A new study from the International Mouse Phenotyping Consortium, which includes the UC Davis Mouse Biology Program, shows how the growing catalog of mouse genes could be applied to save endangered species. The paper was published May 24 in the journal Conservation Genetics.
The goal of the IMPC is to characterize the function, or phenotype, of the approximately 20,000 genes in laboratory mice. Much of that phenotyping work is carried out at the UC Davis Mouse Biology Program. So far, the consortium has analyzed 5186 lines of genetic knockout mice and identified more than 300 genes that are associated with disease as well as characterizing genes that are “essential to life.”
If a mouse gene is essential to life or linked to disease in a mouse, and it has an equivalent gene in humans, then it could be the basis of a mouse model to study a human disease.
Researchers led by Violeta Muñoz-Fuentes at the European Bioinformatics Institute (another partner in the IMPC) have now taken this a step further by comparing the mouse genes not just with humans but with gorillas. They were able to show that a number of genes identified as essential or disease-associated in mice and people also have equivalents in gorillas.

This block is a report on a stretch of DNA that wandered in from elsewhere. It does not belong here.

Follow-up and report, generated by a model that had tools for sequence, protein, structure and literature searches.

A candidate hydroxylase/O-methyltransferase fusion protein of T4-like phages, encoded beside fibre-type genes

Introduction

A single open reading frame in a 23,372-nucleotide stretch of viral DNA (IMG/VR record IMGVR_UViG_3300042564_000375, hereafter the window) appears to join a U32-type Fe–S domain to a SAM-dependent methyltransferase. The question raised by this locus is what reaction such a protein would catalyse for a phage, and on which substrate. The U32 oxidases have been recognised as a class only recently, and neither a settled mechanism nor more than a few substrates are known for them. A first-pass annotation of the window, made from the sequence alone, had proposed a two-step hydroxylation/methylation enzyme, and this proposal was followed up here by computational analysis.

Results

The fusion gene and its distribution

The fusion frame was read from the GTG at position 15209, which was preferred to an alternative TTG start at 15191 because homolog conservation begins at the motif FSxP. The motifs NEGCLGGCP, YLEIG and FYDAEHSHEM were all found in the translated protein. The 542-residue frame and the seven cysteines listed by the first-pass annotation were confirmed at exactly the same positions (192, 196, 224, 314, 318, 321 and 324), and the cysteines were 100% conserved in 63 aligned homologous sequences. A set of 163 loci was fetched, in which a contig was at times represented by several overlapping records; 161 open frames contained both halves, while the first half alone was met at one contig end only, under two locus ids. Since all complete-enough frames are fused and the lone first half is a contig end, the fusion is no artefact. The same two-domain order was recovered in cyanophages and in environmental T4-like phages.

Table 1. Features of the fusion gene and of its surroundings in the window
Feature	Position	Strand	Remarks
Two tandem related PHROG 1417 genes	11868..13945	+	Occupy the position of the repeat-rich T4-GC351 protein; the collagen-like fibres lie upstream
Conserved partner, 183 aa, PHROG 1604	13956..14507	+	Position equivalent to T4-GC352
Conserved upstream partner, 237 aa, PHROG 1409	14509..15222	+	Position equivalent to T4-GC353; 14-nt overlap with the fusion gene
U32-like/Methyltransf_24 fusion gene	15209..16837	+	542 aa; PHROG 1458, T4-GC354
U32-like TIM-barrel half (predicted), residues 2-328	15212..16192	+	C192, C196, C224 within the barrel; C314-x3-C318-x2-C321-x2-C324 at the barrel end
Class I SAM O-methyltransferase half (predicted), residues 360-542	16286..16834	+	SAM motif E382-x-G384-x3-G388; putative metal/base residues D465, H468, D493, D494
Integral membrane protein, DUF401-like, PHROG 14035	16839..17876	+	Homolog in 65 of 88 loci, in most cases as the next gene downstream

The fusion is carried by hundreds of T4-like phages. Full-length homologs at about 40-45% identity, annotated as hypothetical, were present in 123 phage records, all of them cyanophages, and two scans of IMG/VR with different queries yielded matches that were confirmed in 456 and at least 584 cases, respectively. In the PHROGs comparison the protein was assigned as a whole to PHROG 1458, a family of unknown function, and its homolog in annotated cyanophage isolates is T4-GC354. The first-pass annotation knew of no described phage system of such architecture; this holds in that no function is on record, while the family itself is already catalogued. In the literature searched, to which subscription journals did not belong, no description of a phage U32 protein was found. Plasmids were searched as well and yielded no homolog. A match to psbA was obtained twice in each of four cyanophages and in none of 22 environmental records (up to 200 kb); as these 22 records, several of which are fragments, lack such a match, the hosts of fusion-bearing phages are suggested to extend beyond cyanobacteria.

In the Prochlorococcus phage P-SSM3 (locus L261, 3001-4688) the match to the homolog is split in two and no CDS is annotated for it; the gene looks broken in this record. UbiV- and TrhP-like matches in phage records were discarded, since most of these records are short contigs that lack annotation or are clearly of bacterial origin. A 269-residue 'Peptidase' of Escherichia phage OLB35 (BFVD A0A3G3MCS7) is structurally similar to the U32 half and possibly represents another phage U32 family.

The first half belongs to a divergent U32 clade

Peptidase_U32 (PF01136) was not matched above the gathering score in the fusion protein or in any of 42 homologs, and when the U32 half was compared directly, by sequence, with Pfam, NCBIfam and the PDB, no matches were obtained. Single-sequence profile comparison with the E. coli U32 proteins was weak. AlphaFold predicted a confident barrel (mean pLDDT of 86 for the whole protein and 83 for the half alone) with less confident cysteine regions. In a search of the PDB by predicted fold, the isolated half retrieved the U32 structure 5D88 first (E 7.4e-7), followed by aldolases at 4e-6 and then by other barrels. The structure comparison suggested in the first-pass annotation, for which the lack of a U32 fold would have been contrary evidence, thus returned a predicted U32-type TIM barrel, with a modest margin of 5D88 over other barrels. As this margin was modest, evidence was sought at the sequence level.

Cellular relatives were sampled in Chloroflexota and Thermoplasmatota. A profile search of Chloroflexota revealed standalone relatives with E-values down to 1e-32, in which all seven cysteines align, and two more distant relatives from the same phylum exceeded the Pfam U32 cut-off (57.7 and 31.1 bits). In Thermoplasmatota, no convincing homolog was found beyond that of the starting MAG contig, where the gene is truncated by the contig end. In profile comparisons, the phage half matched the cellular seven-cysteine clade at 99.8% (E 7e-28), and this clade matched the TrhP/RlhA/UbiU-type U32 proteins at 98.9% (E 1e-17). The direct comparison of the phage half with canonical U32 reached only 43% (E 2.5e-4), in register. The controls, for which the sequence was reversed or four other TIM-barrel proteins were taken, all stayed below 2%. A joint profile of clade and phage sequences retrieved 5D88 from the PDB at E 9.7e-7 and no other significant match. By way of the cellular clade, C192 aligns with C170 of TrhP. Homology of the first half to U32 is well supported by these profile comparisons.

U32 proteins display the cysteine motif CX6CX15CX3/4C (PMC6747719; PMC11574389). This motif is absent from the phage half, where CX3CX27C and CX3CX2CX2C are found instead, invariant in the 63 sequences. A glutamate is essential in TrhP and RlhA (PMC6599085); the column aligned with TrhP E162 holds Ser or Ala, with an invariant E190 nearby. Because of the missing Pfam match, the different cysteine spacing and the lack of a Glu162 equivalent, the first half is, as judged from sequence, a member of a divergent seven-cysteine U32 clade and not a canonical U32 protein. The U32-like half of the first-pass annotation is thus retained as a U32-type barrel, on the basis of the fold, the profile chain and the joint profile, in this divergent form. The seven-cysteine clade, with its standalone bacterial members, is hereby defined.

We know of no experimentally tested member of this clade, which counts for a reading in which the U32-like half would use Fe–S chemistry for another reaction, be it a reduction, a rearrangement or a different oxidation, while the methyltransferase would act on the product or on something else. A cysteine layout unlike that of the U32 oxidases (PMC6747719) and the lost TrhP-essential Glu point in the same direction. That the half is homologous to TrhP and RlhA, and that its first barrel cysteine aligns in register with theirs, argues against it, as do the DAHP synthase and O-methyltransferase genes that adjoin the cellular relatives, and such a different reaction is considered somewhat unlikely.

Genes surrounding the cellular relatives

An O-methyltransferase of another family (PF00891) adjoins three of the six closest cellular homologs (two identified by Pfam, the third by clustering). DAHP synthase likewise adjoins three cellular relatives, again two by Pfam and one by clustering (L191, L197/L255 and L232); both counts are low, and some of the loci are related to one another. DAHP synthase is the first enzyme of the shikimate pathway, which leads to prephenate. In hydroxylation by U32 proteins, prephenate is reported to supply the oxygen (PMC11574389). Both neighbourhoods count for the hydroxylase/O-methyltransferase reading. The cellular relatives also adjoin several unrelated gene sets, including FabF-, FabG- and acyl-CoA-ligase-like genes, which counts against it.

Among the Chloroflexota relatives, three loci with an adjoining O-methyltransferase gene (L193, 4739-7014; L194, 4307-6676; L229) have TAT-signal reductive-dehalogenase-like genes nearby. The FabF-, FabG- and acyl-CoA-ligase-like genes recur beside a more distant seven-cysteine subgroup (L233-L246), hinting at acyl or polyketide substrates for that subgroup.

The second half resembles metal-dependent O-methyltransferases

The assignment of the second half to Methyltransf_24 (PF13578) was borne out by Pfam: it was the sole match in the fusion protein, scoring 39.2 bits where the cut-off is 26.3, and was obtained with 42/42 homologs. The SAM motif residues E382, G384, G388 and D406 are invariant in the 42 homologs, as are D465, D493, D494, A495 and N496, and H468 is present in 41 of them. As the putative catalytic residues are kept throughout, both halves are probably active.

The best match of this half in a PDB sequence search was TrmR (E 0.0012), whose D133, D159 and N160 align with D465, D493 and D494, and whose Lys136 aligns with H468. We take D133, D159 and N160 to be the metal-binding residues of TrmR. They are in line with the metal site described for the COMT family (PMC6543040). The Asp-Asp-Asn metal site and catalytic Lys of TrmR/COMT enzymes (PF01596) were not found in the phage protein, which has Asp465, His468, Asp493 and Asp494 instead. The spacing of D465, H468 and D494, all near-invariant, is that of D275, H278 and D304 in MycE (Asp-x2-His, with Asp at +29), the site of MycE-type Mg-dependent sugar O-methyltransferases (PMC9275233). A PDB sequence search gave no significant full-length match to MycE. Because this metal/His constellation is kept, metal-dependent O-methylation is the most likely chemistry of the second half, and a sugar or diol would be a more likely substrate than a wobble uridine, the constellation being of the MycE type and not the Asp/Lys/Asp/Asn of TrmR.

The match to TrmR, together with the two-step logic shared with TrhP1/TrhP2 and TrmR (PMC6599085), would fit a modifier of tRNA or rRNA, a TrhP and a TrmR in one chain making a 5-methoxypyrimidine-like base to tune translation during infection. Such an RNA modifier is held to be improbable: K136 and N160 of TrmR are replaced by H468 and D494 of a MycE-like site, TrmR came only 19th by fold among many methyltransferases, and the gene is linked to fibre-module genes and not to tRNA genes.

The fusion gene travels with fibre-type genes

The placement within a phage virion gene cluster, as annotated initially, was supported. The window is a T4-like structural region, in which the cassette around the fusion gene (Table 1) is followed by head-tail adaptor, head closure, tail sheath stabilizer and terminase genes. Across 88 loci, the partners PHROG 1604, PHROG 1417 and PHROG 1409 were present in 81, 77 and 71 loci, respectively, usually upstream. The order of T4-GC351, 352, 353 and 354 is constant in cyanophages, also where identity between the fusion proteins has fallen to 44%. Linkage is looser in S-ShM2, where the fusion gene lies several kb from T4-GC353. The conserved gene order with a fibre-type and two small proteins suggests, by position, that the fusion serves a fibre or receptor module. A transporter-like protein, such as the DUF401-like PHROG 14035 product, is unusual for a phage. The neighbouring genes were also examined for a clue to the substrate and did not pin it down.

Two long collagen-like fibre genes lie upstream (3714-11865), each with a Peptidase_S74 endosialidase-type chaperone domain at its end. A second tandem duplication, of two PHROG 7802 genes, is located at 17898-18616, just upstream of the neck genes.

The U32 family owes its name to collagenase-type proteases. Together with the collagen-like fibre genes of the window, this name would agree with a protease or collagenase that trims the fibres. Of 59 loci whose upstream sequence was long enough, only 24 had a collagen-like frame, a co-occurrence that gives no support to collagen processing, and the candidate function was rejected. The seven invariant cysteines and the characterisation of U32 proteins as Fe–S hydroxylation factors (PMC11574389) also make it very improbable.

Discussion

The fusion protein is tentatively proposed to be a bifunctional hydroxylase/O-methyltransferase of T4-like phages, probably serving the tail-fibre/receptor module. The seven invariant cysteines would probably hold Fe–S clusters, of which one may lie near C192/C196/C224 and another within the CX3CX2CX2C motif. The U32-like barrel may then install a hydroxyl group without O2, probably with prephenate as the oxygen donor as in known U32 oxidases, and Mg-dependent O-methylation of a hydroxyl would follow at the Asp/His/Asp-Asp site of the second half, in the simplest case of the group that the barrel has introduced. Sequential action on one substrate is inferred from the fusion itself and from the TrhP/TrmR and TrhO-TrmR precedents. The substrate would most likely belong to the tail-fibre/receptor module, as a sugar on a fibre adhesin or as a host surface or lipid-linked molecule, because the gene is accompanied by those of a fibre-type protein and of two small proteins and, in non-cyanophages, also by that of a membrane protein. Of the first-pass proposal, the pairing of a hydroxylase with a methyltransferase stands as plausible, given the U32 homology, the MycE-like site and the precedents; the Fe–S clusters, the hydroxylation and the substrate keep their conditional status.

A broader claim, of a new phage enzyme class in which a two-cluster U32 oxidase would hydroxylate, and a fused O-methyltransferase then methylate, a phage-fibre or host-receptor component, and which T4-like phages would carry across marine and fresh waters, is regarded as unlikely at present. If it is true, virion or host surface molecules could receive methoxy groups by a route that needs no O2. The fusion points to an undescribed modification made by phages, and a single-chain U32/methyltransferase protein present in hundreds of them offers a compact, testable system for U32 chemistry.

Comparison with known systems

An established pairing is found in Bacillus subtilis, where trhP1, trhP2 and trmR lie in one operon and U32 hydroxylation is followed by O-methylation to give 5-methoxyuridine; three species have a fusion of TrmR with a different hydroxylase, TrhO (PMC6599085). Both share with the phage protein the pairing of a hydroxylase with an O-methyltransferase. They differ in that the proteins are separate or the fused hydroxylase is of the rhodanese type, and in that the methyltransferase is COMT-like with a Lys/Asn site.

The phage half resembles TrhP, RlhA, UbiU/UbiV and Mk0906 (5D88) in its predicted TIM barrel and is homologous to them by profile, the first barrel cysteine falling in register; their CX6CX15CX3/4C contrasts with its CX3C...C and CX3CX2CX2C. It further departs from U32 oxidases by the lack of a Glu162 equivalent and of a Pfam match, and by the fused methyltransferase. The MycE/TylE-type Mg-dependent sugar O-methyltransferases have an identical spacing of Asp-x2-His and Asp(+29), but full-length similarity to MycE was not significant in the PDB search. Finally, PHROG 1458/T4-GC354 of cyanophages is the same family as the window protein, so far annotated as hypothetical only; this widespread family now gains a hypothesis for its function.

This is useful for conservation efforts because endangered species can face problems of inbreeding due to a limited gene pool.
“Many zoos and wildlife conservation centres are seeing excellent results through their breeding programmes. Currently, many focus on minimising inbreeding. By adding a functional genetic dimension to the selective process, conservation geneticists can identify the crosses that would, for example, avoid a gene variant linked to disease in the offspring,” Muñoz-Fuentes said in a news release.
For example, heart disease is common in zoo gorillas. Identifying genes linked to heart disease could be a step towards avoiding or treating it.
These comparisons between the mouse gene catalog and other species have already proved useful for domestic animals. In 2016, researchers at UC Davis and the University of Illinois used mouse genes to help identify a mutation that causes spontaneous abortion in dairy cattle.
The IMPC is hoping to work with conservation geneticists, wildlife conservation centers and zoos who are interested in making use of their data.
Essential Mouse Genes Could Guide Human Precision Medicine (News release)